Are You Suffering Religious Discrimination in the Wake of the Paris Attacks?

With the recent attacks in Paris, the potential threat of more across the globe, and civil war and unrest in the Middle East, there will be a lot of employees talking while at work about these events and ranting their frustrations. It is our natural instinct to get upset and angry over tragic events, and people should be free to express themselves. While we are all horrified at what happened in Paris, venting that frustration on co-workers who just happen to be Muslim, is inappropriate. It is also unlawful.

Harsh opinions that lump all persons of any faith in a particular box have a greater likelihood of being offensive to one's coworkers. However, it is bound to happen.

So what do you do if you find yourself being discriminated against based on your religious beliefs? Keep a report of any incident, including: dates, location, and any witnesses. Print out or photograph any offensive or written material. Report it all in writing to Human Resources. If HR fails to act, file a complaint with the EEOC and/or contact a local employment attorney in your area.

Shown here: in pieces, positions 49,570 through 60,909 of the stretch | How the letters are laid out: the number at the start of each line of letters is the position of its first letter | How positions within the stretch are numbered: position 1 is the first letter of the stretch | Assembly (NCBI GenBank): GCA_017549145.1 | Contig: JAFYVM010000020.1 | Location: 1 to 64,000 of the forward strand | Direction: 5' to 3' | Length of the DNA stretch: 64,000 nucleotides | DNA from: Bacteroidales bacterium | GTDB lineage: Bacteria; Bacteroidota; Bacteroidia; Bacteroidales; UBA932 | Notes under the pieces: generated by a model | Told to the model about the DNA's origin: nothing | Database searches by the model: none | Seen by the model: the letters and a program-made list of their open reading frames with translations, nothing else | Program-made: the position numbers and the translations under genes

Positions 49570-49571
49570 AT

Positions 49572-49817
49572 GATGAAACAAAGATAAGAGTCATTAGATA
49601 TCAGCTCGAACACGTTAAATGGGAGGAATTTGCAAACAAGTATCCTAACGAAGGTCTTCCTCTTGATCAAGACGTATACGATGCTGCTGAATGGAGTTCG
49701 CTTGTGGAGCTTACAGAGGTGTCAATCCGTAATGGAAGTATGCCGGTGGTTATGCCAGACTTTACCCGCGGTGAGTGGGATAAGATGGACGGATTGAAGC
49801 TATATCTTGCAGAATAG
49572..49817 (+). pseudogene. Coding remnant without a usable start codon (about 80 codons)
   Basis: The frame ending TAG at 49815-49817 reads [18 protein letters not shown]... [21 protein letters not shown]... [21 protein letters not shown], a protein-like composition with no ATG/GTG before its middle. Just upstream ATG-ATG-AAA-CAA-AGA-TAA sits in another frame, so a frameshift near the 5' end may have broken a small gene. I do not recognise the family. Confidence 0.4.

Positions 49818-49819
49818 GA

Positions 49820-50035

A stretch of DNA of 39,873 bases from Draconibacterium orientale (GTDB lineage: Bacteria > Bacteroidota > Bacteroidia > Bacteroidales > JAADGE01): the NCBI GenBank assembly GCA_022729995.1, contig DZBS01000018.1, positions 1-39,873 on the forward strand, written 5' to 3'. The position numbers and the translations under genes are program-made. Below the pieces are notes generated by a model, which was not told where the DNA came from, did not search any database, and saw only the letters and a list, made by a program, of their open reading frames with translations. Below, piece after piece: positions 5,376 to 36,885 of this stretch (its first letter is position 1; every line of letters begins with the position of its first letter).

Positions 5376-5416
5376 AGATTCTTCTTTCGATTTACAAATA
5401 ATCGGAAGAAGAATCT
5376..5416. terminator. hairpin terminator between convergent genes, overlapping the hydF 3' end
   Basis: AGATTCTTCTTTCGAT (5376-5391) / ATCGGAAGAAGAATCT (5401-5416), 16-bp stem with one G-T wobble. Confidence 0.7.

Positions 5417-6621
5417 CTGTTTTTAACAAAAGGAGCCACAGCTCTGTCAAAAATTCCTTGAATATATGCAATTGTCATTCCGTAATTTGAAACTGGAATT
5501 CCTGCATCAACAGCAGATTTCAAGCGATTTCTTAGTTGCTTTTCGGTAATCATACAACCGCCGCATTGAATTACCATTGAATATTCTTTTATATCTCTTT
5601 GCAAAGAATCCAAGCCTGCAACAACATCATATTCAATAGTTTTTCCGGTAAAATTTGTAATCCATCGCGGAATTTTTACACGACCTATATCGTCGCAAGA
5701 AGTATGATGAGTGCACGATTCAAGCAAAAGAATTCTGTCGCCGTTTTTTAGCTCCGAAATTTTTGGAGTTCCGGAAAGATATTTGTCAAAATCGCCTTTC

Let's just make sure you got that bit: It is illegal to harass, demean, or otherwise mistreat a person in his or her place of employment because of that person's religion.

Harassment can include offensive remarks about a person's religious beliefs or practices. Although the law doesn't generally prohibit simple teasing, offhand comments, or other innocuous isolated incidents, harassment is illegal, and what starts as teasing often crosses the line, becoming severe enough that it creates a hostile or offensive work environment. Even worse, it can result in an adverse employment decision (such as the victim being fired or demoted).

The harasser can be the victim's supervisor, a supervisor in another area, a co-worker, or someone who is not an employee of the employer, such as a client or customer.

If you find yourself the victim of anti-Muslim sentiment on the job, you have a remedy. Call an employment attorney who represents employees, and have them assess your situation and determine what your most effective remedy may be.

Talk to a Lawyer

Need a lawyer? Start here.

How it Works

  1. Briefly tell us about your case
  2. Provide your contact information
  3. Choose attorneys to contact you
Get Professional Help

Talk to a Civil Rights attorney.

How It Works

  1. Briefly tell us about your case
  2. Provide your contact information
  3. Choose attorneys to contact you